Magnetic resonance imaging for forensic age estimation in living children and young adults: a systematic review

Jannick De Tobel*, Jeroen Bauwens, Griet I. L. Parmentier, Ademir Franco, Nele S. Pauwels, Koenraad L. Verstraete, Patrick W. Thevissen

*Corresponding author for this work

Research output: Contribution to journalReview articlepeer-review

13 Citations (Web of Science)

Abstract

The use of MRI in forensic age estimation has been explored extensively during the last decade. The authors of this paper synthesized the available MRI data for forensic age estimation in living children and young adults to provide a comprehensive overview that can guide age estimation practice and future research. To do so, the authors searched MEDLINE, Embase and Web of Science, along with cited and citing articles and study registers. Two authors independently selected articles, conducted data extraction, and assessed risk of bias. They considered study populations including living subjects up to 30 years old. Fifty-five studies were included in qualitative analysis and 33 in quantitative analysis. Most studies had biases including use of relatively small European (Caucasian) populations, varying MR approaches and varying staging techniques. Therefore, it was not appropriate to pool the age distribution data. The authors found that reproducibility of staging was remarkably lower in clavicles than in any other anatomical structure. Age estimation performance was in line with the gold standard, radiography, with mean absolute errors ranging from 0.85 years to 2.0 years. The proportion of correctly classified minors ranged from 65% to 91%. Multifactorial age estimation performed better than that based on a single anatomical site. The authors found that more multifactorial age estimation studies are necessary, together with studies testing whether the MRI data can safely be pooled. The current review results can guide future studies, help medical professionals to decide on the preferred approach for specific cases, and help judicial professionals to interpret the evidential value of age estimation results.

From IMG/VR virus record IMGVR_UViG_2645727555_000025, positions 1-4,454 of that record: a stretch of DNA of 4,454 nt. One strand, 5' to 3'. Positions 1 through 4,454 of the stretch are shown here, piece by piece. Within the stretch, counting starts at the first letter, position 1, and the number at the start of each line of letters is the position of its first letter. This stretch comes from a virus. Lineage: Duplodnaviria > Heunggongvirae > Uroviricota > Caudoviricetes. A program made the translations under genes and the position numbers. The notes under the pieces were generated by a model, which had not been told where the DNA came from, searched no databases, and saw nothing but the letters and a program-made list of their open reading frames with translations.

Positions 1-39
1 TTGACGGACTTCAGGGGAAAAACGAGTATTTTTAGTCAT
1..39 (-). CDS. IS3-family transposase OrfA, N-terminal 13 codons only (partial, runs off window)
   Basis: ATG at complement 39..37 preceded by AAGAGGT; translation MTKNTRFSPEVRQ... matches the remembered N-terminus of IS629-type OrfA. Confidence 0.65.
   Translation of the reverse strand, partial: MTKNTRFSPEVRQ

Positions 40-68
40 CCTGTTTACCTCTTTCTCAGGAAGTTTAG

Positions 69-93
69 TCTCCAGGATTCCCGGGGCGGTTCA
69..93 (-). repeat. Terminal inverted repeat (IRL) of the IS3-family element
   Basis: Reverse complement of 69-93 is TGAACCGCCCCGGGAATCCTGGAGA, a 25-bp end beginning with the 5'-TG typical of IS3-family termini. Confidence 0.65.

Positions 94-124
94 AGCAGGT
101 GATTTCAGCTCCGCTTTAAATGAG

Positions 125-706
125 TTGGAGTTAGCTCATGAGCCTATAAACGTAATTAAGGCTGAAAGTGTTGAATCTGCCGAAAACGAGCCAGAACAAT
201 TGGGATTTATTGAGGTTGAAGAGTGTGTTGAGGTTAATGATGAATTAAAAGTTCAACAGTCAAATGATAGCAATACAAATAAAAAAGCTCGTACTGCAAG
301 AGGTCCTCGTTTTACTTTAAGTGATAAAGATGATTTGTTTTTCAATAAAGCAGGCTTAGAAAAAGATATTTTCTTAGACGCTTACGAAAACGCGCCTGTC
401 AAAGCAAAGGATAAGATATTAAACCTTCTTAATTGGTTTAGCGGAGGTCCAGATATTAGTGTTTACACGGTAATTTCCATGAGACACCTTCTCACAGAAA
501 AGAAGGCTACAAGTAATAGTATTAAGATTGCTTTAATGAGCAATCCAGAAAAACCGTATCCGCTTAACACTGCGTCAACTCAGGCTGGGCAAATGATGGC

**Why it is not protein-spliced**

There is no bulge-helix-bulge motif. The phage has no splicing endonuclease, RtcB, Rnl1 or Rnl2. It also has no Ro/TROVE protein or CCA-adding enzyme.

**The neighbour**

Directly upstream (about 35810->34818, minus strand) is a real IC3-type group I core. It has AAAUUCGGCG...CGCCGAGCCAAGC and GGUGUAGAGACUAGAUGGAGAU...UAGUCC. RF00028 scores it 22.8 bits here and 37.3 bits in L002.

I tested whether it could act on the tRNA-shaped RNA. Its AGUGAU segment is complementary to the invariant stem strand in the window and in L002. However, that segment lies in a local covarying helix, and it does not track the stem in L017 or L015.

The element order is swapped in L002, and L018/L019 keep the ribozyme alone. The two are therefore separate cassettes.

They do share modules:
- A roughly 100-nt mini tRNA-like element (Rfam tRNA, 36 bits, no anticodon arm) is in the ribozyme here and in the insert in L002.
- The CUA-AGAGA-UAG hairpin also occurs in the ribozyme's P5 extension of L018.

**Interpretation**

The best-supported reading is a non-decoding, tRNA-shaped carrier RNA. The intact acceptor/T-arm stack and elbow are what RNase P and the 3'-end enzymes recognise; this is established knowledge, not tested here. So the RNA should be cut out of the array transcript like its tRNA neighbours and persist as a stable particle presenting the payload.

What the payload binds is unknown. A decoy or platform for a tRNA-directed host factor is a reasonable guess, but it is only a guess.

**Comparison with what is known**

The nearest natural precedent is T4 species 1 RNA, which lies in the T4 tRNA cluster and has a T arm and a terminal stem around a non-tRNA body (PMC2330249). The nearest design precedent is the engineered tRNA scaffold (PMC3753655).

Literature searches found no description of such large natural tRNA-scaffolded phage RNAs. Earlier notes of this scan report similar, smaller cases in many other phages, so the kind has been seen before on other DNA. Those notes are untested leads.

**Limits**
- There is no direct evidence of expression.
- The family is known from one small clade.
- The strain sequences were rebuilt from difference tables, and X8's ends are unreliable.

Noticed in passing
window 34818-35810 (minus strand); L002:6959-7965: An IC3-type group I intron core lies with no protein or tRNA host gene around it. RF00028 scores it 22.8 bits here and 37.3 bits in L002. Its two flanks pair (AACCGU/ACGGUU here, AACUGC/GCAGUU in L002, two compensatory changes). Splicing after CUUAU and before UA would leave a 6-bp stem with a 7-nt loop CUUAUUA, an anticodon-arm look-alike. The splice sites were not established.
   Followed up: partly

Original languageEnglish
Pages (from-to)1691-1708
Number of pages18
JournalPediatric Radiology
Volume50
Issue number12
Early online date31 Jul 2020
DOIs
Publication statusPublished - Nov 2020

Keywords

  • Adolescent
  • Age estimation
  • Child
  • Forensic
  • Magnetic resonance imaging
  • Young adult
  • DISTAL RADIAL EPIPHYSIS
  • SPHENO-OCCIPITAL SYNCHONDROSIS
  • SKELETAL AGE
  • BONE-AGE
  • TIBIAL EPIPHYSIS
  • 3RD MOLAR
  • AUTOMATED-DETERMINATION
  • FOOTBALL PLAYERS
  • GROWTH-PLATE
  • T MRI

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